- "I'm willing to sit down for talks with the opposition so that we could talk for the sake of Venezuela's peace and its future," he said.
More than a week into a standoff with the opposition, Venezuelan President Nicolas Maduro said on Wednesday that he is willing to negotiate.
Violent street demonstrations erupted last week after opposition leader Juan Guaido during a major opposition rally in Caracas declared that he had assumed presidential powers under the constitution and planned to hold fresh elections to end Maduro's "dictatorship."
This week, Guaido urged Venezuelans to step outside their homes and workplaces for two hours on Wednesday.
Maduro, who previously rejected calls for negotiations, said in an in an interview with Russian state-owned RIA Novosti news agency that he was open to talks with the opposition.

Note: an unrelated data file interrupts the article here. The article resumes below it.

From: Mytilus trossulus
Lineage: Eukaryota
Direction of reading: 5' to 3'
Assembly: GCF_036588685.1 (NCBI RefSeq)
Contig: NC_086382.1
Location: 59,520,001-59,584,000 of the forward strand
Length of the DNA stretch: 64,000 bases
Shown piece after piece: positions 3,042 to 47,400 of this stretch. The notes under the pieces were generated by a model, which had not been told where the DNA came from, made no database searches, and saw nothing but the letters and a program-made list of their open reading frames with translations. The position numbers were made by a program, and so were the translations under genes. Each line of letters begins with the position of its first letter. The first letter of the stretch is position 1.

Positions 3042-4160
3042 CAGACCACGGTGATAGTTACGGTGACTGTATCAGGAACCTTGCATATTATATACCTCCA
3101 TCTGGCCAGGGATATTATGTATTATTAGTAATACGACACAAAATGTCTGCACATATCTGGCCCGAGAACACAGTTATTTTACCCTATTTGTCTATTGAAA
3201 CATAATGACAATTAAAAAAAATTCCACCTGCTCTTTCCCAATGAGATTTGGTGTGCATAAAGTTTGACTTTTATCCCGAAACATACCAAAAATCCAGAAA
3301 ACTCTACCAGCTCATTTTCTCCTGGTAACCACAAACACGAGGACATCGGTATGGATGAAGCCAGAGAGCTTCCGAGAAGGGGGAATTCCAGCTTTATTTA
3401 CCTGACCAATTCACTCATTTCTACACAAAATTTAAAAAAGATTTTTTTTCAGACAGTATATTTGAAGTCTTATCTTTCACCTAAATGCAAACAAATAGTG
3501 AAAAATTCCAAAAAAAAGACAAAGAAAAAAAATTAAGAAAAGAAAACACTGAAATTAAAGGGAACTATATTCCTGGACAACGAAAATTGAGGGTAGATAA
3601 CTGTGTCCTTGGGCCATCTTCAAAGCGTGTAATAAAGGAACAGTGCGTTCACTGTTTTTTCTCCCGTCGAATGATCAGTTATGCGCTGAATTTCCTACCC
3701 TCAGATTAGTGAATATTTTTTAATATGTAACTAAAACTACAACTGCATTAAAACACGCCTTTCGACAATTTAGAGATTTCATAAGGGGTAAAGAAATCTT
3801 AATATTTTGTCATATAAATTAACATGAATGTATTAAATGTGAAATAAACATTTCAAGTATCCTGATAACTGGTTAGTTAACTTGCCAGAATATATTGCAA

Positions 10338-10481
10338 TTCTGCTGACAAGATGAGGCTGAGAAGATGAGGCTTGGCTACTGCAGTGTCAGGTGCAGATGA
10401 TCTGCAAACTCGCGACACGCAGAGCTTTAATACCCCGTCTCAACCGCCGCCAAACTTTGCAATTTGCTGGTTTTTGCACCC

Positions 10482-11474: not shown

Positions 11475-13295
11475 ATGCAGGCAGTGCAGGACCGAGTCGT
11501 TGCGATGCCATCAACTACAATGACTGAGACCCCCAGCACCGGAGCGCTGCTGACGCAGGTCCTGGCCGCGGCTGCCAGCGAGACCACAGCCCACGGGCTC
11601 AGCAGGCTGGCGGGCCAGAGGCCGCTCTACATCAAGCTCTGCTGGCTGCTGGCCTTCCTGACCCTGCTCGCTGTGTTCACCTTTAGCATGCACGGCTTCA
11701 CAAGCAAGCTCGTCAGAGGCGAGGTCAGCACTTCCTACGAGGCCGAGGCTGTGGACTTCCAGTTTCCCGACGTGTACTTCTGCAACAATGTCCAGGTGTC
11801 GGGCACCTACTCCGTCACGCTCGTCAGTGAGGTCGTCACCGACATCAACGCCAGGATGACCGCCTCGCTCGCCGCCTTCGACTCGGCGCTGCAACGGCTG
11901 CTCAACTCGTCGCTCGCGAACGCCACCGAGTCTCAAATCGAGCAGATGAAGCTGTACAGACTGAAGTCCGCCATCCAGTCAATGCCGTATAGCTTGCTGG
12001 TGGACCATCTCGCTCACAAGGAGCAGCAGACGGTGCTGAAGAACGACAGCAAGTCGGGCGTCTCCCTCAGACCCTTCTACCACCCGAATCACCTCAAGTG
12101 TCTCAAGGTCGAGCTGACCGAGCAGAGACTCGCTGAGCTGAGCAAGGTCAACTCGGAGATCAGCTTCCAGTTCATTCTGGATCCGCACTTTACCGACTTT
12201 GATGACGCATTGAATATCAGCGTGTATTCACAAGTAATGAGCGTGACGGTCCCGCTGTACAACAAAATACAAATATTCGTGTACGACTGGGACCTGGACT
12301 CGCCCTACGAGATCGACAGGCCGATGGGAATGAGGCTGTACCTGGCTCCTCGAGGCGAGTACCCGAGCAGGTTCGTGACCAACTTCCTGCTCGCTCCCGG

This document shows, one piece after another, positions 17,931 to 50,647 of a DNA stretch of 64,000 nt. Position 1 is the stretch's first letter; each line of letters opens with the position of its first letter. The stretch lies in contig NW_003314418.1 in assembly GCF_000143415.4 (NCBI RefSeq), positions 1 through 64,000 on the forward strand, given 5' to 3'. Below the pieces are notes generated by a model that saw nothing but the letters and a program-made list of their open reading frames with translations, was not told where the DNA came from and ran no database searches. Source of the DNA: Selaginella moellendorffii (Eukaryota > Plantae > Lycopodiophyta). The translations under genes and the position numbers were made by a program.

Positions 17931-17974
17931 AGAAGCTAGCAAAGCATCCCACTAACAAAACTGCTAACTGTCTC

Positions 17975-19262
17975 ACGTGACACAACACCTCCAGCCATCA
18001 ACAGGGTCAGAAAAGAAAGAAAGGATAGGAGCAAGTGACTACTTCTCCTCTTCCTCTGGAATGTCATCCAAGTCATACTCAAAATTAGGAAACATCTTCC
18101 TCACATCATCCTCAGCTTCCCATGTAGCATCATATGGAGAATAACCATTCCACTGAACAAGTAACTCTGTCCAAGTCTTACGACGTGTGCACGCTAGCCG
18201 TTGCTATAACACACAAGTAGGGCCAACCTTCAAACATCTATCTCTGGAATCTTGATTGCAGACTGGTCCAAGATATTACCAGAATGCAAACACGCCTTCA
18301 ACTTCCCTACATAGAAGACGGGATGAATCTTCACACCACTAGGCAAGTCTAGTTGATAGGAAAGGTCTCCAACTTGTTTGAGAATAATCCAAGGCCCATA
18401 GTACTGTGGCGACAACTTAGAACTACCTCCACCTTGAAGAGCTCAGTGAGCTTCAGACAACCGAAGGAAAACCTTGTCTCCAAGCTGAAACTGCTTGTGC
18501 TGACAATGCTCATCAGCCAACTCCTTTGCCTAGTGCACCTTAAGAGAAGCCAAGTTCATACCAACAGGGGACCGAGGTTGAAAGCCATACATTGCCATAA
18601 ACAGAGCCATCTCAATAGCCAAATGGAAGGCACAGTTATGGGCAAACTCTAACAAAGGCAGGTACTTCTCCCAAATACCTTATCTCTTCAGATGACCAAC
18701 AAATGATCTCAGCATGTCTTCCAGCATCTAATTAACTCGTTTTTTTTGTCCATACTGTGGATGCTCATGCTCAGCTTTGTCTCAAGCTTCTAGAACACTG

"I'm willing to sit down for talks with the opposition so that we could talk for the sake of Venezuela's peace and its future," he said.
Maduro said the talks could be held with the mediation of other countries. He mentioned Mexico, Uruguay, Bolivia, the Vatican and Russia.
Maduro also accused U.S. President Donald Trump of ordering a hit on him from Colombia. He said he was aware of Trump's "orders" for the Colombian government and the local mafia to kill him.
Russia has been one of Maduro's staunchest supporters, providing it with loans and weapons.
A top Russian official said on Tuesday that they are expecting "problems" ahead of an upcoming payment on Russia's $3 billion loan.
Maduro refused to comment on reports last week that Kremlin-linked private military contractors have been dispatched to boost his security detail, saying he "cannot say anything about it."